we then transitioned into areas for improvement. the project had just gone through an external review, with results that i would characterize as extremely positive, and instead of spending a lot of time talking about what they do well, we focused on areas that need improvement. for example, in a world increasingly populated by cell phones, especially among young people, pew's traditional land-line phone surveys will need some updating. further, considering bloggers' common (and wonderful) practice of linking to specific ideas rather than entire reports, we discussed alternatives to releasing the reports as only PDFs.

and we spent a significant amount of time talking about a word that more and more strikes me as arcane: dissemination. how, we all asked, do we improve dissemination of the findings? how can the reports find their way into the hands and minds of even more academics, even more journalists, even more bloggers, even more policy makers, even more people?

my Big Suggestion was to blog. dissemination is good, i argued (politely!), but conversation is better. an increase in conversation is an increase in dissemination - only more engaged. imagine, i asked, going to pew's web site not only for killer content but also for killer conversation.

it's remarkable that a project that began in 2000 is going stronger than ever. if i were them, i'd be inclined to kick up my feet and rest on my laurels. lucky for us, they are not me - instead of curbing their efforts, the pew internet and american life project continues to expand their reach: more reports, more topics, more collaborators.

Wednesday, January 23, 2008

digital literacy - spring 2008

(update feb 5: added readings for guest speaker ivan chew)
(update feb 12: added readings for guest speaker bryan alexander)
(update jul 16: see nearly 500 pics on flickr)

as i mentioned yesterday, i'm teaching two courses this spring. my second class meets tuesday and thursday evenings and is called digital literacy.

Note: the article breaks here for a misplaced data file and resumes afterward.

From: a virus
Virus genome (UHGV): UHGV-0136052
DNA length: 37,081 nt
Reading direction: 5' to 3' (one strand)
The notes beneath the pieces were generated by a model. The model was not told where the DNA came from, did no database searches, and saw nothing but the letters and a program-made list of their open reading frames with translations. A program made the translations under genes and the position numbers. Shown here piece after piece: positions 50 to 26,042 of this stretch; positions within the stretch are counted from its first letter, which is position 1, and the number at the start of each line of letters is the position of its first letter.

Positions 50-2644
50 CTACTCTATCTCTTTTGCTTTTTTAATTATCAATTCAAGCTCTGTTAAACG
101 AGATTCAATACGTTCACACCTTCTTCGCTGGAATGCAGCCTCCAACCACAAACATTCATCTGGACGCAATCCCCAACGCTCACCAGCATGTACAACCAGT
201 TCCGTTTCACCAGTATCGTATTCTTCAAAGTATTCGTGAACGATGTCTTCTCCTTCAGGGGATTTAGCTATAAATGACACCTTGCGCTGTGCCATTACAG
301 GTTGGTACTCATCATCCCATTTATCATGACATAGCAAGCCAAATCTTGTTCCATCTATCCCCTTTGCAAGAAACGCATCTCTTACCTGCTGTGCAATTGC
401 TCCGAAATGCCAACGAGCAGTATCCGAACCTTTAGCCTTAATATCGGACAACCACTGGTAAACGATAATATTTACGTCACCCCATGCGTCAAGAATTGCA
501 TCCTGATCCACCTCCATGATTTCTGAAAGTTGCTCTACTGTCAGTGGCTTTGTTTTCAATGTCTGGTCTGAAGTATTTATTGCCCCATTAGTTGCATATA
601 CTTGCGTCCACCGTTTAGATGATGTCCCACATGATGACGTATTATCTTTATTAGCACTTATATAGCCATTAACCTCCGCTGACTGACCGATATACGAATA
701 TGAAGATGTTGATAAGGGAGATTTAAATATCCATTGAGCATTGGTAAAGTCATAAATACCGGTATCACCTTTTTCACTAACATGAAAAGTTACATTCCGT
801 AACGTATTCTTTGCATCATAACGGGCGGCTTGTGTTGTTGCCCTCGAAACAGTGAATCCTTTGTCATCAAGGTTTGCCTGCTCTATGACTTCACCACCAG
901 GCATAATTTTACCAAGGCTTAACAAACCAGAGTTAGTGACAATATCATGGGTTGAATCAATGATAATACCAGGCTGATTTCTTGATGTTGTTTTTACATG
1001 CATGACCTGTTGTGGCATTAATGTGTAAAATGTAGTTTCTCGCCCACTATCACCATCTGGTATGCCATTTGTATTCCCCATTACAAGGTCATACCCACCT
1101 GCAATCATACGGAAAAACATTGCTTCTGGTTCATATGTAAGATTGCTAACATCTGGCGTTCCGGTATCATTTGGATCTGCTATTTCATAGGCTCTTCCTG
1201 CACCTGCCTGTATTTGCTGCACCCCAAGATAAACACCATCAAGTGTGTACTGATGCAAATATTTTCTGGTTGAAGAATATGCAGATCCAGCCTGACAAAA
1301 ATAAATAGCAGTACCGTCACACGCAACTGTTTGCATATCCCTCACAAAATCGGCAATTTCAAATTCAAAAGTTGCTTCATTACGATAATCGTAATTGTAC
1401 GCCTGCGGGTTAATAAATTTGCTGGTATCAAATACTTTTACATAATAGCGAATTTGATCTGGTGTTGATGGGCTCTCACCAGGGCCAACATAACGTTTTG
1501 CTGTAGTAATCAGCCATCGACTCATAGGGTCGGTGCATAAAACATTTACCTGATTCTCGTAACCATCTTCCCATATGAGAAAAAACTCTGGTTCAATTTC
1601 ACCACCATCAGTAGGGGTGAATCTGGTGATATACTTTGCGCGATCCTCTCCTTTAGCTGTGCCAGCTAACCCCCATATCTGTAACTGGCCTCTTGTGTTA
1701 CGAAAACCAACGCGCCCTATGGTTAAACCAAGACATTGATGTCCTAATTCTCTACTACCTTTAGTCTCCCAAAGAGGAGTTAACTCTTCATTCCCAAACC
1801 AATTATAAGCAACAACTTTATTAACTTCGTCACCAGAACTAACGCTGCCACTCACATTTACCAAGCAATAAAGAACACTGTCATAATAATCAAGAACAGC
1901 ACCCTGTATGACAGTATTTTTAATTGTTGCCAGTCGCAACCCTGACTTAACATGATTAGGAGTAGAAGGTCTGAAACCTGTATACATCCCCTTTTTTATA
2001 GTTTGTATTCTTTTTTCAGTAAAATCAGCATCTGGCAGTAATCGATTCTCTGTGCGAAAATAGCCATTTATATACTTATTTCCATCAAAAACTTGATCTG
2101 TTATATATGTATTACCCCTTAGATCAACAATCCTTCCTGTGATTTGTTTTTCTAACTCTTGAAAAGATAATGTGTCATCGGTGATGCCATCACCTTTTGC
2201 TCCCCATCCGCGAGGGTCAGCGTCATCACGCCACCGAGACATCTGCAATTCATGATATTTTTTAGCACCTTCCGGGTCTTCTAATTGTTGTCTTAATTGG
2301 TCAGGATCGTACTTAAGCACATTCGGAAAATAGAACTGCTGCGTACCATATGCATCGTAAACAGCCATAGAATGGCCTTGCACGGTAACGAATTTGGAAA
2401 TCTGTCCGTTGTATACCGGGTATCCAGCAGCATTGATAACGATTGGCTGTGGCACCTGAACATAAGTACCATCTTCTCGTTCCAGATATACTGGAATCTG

each semester, USF offers one "davies forum," an honors-level seminar devoted to a timely and important topic of a selected professor's choosing. my proposal titled "digital literacy" was selected for spring 08. in addition to attracting some of USF's smartest and most creative students, davies forum are cool because they come with a healthy budget. as a result, ten guest speakers will visit USF and share their ideas, projects, questions, and curiosities about literacy in a digital age. plus, we'll have at least three field trips. i am supremely excited to teach this course and give lots of thanks to all who contributed to its design.

here's the syllabus (and here it is as a word document).

Davies Forum: Digital Literacy
Professor David Silver
Class Times: Tues, Thurs, 6:15pm - 8:00pm | Cowell 114
Office Hours: Tues, Thurs, 2-3; and by appointment | UC 539

Course Description:
Facebook and Fox News, tivo and TV, youtube and yahoo, books and blogs, ipods, iphones, itunes, ieverything – we are pretty much swimming in information. How do we navigate through it all? How do we find the good stuff? And which kinds of information should we use for which kinds of research and creative projects?